Credit Where Credit’s Due
It’s been almost a month since Team USA 4th Grade did their coaches, American public school teachers, proud by coming fourth in the world’s reading rankings. Yet, there’s been very little celebrating in this country of ours so famous for making the most out of success in international competition. An Olympic Bronze in synchronized swimming would have garnered more praise.
According to the 2011 PIRLS (Progress in International Reading Literacy Study, see page 31), the only countries with better 4th Grade reading levels are Russia, Finland, and Singapore. Hong Kong was also listed as outperforming the U.S. but it’s not a country. This is a remarkable success for U.S. public education, especially when you take into account that the U.S. has 48 million public school students of which at least 10% are English Language Learners – that’s about five million students – almost equivalent to the total population of Finland.
In addition, U.S. schools and teachers have to deal with disproportionate levels of poverty, and research has proven unequivocally that poverty is the most important determining factor in educational outcomes. According to census statistics, more than 16 million American kids (nearly 25%) live in poverty, whereas Finland’s childhood poverty rate is about 5%. There are no official statistics out of Singapore but the wealthy city-state offers a relatively comprehensive social safety net for locals, borne out by the fact that 80% of Singaporeans live in public housing, the purchasing of which is subsidized so 90% own their homes. Reliable Russian poverty statistics are elusive but anecdotal evidence suggests that although poverty levels may be high, education is prioritized.
Fourth may not be a medal spot but surely some good news about the educational achievements of our “failing” public schools warrants at least a column here or there in a major newspaper, some radio coverage, or even a syndicated television news report.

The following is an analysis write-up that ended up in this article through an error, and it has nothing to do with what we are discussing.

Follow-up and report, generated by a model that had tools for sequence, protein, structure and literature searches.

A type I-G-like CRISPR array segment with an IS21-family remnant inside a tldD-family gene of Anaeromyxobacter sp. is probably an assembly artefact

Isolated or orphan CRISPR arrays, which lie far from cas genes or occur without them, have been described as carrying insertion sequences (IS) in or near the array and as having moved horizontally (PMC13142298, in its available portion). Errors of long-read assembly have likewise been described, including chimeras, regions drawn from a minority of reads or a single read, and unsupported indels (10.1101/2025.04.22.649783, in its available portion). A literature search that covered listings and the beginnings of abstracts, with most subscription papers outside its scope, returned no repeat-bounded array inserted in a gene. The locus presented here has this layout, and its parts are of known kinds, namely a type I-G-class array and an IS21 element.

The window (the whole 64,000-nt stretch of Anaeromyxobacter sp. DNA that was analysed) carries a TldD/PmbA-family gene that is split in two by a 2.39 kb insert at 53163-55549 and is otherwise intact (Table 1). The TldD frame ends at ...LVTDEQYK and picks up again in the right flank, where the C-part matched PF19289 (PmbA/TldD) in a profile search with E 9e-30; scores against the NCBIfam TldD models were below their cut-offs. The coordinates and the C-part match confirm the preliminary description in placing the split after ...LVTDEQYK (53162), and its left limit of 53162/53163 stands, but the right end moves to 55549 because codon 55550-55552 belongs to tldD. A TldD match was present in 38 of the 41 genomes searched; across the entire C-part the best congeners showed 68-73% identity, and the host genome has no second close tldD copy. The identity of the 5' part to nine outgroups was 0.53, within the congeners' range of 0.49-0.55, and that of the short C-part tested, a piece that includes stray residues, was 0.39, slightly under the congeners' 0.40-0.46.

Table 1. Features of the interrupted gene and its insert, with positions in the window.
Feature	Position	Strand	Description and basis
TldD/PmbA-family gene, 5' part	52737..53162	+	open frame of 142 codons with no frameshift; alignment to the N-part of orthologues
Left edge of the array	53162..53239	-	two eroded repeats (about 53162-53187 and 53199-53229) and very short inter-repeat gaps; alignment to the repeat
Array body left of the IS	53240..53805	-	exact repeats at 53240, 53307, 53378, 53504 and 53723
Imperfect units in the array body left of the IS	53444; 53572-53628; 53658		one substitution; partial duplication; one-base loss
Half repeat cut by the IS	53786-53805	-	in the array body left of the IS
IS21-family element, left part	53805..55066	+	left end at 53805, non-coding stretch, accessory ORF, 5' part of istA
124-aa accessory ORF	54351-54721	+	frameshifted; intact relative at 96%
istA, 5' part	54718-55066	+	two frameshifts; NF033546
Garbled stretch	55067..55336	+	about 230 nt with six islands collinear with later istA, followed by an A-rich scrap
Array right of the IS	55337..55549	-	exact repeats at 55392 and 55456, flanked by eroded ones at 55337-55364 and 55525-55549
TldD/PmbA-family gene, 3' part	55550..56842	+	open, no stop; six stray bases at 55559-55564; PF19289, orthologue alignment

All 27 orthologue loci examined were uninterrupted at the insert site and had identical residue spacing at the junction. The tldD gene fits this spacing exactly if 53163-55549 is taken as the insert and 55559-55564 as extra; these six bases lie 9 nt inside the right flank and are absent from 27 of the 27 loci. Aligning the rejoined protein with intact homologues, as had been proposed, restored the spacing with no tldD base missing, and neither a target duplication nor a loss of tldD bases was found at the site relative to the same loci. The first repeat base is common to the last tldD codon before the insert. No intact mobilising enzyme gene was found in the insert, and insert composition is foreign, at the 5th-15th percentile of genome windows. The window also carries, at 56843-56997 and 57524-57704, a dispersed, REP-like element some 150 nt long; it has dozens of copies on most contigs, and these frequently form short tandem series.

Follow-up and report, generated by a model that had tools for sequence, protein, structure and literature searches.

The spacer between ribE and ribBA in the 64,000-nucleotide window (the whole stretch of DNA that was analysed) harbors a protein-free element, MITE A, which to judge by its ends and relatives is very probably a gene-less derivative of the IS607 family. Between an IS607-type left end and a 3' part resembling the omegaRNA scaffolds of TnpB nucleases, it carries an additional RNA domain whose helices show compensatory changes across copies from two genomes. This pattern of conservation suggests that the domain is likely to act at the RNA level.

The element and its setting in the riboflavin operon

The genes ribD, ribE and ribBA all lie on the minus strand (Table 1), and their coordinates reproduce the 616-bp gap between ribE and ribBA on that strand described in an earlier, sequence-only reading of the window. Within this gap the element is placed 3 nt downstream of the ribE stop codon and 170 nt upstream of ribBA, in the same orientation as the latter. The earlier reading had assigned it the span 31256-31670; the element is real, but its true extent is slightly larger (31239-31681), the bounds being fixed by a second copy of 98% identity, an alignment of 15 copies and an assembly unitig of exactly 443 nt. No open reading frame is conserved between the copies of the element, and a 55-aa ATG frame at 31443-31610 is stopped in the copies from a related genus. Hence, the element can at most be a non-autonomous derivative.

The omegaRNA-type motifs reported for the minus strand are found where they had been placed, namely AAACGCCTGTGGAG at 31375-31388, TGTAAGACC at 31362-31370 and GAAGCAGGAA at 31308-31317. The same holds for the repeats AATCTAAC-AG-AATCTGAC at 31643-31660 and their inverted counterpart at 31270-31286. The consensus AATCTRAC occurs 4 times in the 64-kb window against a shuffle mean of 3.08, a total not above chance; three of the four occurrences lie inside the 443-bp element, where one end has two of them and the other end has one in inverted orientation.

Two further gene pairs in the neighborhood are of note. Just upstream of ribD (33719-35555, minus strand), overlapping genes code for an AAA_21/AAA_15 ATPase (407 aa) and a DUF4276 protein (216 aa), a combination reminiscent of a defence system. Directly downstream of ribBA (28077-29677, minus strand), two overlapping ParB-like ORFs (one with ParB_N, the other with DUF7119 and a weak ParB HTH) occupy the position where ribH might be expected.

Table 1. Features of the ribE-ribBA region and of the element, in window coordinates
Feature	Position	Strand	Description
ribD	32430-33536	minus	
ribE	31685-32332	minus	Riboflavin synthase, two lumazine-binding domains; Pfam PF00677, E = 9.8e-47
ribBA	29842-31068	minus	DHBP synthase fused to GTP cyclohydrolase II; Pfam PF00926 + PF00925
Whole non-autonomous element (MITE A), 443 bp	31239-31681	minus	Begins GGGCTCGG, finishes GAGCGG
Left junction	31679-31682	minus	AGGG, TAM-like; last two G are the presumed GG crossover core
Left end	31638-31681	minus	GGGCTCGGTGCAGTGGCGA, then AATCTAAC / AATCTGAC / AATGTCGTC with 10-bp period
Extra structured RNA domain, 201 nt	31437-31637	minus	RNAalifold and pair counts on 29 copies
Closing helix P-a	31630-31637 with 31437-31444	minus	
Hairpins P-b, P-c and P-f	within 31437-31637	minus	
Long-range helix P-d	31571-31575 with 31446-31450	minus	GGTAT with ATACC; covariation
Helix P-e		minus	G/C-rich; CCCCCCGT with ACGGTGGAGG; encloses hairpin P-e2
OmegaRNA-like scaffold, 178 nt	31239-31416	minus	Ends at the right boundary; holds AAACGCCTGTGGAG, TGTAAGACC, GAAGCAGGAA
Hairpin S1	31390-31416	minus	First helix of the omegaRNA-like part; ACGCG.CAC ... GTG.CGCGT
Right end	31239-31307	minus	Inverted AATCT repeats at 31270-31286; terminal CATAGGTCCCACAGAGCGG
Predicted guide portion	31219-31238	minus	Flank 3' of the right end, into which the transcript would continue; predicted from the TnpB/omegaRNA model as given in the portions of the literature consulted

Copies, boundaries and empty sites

Of course, the value of such international comparisons based upon standardized tests is questionable. However, when U.S. students perform poorly on such comparisons, we never hear the end of it. What happened to South Korea which the President recently hailed as having an exemplary educational system? Indeed, our nation’s whole attitude to schools and teachers is based upon the presumption that schools are overfunded and underperforming compared to their overseas counterparts.
An entire industry is based upon this presumption – Waiting for Superman’s Michelle Rhee has pledged to raise $1 billion through her lobbying organization, StudentsFirst, to overhaul the public education system according to her reform tastes. Raising that kind of cash will be tough enough without having to deal with the adverse publicity that U.S. educational success might create.
According to a new report by publishing giant Pearson produced by its Economist Intelligence Unit, the U.S. spends less than 22% of its GDP on education compared to Finland’s 30% and the UK’s 26%. Figures are unavailable for Russia or Singapore but even Hong Kong clocks in at 23.5%.
It is vital for us to recognize the successes as well as the failures of our schools. Too many people are being misled by biased reports about the condition of our educational system. In turn, this is leading to bad decisions and the misuse of public funds to fix things that ain’t broke. Of course, we should always be striving to improve our schools but we must also recognize what does work and give credit where credit’s due.
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John Carr and Sharen Bertrando offer strategies that are particularly successful with English learners and students with learning difficulties
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